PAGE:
Opening remarks by Masatsugu Asakawa, President, Asian Development Bank, at the Ecological Civilization Forum of the 15th Conference of the Parties Convention on Biological Diversity, 14 October 2021, Kunming, People’s Republic of China


Distinguished Participants, Colleagues, and Friends:

The world is at a critical turning point. If we are to reverse the alarming decline in nature, we must respond with urgency and coordinated action. These efforts are needed to ensure the survival of our ecosystems, and for the sake of our shared future and prosperity.

I am honored to participate in today’s ceremony to discuss these important issues with you as we mark the opening of COP15. I would like to extend my special appreciation to the Government of the People’s Republic of China (PRC), especially the Ministry of Ecology and Environment and the CBD Secretariat for organizing and co-hosting this event.

I. ADB’s service to Asia and the Pacific on nature

Let me begin by noting that Asia and the Pacific is one of the most biodiverse regions in the world. It is home to 17 of the 36 global biodiversity hotspots, seven of the 17 megadiverse countries, and the greatest marine diversity.

If restored and well managed, these natural capital assets can help to mitigate global climate change and biodiversity loss in a cost-effective and impactful manner.

The Asian Development Bank (ADB) is uniquely positioned to help accelerate nature-positive investment in Asia and the Pacific. Through ADB’s Nature Positive Investment Roadmap, we are working with partners to:

  • scale up finance; 
  • develop knowledge of natural capital; and 
  • generate financially sustainable projects that deliver on biodiversity and healthy ecosystems. 

II. Achieving prosperity through nature-positive investment

At these meetings, we will share with you the progress being made on ADB’s new Natural Capital Lab, developed in partnership with the Chinese Academy of Science and Stanford University.

This innovative lab is helping to identify and address key constraints to accounting for and valuing nature accurately. Mainstreaming the lab’s shared methods would be a tremendous achievement, as it would ensure that policymakers, the private sector, and all other stakeholders give natural capital equal weight to that of GDP, exports, government revenues, and other measures of national wealth.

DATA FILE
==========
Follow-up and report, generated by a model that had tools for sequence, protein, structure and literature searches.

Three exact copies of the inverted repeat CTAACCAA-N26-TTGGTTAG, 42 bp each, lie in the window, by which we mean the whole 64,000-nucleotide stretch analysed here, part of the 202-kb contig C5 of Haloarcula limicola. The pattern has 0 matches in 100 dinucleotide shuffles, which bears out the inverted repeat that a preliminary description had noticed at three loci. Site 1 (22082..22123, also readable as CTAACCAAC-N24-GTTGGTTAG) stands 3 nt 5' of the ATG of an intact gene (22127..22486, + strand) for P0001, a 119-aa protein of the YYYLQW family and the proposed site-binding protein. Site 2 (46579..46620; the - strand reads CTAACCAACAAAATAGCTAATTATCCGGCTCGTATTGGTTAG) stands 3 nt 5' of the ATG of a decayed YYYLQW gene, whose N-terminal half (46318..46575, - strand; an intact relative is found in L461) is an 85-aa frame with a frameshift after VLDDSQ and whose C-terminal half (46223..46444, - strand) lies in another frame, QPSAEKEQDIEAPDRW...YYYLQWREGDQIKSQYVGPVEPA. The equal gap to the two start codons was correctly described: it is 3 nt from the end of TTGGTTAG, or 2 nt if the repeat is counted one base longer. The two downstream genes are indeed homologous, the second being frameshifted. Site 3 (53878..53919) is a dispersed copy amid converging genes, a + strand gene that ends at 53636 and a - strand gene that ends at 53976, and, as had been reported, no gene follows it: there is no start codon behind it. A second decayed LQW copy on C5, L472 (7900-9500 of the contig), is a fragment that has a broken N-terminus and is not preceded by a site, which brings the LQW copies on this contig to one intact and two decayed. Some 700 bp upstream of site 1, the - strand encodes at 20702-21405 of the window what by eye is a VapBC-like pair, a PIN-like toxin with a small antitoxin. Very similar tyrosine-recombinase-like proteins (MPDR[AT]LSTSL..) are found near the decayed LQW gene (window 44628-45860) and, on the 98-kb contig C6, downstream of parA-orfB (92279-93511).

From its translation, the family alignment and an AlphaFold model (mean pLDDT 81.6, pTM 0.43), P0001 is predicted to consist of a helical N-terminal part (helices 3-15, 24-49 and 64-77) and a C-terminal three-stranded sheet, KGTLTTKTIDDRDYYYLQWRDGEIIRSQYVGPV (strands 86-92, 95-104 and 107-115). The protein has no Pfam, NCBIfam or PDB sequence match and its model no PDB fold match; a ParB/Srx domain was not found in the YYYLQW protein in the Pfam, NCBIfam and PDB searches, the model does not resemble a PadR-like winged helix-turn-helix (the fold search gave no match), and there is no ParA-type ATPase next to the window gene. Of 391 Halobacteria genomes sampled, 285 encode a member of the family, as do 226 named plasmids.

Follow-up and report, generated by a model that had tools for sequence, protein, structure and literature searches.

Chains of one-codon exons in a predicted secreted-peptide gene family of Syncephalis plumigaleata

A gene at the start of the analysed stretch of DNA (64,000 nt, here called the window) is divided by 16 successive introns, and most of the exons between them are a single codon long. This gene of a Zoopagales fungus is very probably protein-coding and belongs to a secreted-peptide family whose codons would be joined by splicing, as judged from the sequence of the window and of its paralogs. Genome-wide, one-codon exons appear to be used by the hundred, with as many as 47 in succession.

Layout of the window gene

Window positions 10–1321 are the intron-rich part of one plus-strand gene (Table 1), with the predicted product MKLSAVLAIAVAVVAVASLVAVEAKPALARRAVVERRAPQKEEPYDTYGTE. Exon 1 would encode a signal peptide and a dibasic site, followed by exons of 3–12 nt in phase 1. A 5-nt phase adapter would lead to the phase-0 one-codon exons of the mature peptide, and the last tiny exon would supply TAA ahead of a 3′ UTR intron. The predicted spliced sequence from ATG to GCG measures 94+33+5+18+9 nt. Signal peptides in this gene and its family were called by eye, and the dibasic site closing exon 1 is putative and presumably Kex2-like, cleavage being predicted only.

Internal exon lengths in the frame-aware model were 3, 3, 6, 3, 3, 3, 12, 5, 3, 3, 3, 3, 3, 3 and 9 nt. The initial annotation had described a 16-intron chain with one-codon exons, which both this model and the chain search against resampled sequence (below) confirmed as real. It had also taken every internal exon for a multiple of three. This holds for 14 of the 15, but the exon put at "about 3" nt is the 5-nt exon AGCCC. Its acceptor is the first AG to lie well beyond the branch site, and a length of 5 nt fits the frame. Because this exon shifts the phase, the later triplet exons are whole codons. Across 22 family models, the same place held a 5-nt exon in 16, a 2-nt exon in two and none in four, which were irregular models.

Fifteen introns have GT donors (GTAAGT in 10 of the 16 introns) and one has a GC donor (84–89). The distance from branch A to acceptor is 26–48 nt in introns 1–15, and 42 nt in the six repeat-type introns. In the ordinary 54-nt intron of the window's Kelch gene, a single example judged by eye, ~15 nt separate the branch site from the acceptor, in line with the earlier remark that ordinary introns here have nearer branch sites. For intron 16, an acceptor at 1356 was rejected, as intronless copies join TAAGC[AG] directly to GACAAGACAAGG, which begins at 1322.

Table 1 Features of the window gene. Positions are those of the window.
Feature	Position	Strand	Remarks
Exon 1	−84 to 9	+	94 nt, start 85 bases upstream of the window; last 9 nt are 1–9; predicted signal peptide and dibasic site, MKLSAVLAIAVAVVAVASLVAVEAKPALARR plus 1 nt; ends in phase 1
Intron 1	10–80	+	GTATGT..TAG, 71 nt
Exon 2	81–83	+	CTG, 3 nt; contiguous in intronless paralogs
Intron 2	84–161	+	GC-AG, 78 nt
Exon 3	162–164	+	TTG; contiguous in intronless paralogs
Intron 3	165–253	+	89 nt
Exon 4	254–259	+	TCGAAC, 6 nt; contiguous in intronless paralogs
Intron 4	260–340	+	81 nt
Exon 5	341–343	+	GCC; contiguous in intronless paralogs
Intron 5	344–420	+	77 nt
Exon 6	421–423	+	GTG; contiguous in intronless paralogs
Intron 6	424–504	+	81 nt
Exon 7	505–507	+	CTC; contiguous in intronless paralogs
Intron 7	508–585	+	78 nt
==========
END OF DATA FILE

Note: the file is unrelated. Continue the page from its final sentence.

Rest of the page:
I am also happy to announce that ADB will launch the Regional Flyway Initiative later today. This encompasses 22 countries from the Arctic Circle to New Zealand and will preserve and expand 30 crucial wetlands along the largest migratory route in Asia, while also improving climate resilience in local communities and cities.

Let me also report strong progress supporting our commitment to $5 billion in nature-positive investment through ADB’s Action Plan for Healthy Oceans and Sustainable Blue Economies, including the launch of our first Blue Bond. In addition, our long-term programs—the Yangtze River Economic Belt Initiative, and the Yellow River Ecological Corridor and High-Quality Development Framework—continue to make an impact, thanks to our many partners.

And last, I want to highlight a new ADB report, Greening Development in the People’s Republic of China, which outlines the ongoing cooperation between ADB and the PRC. I am encouraged by the report’s focus on how green development and ecological restoration are compatible with economic and social priorities.


With that, let me wish you productive discussions on these topics and future initiatives to help to usher in a new era of nature-positive investment. We at ADB look forward to working on this with you.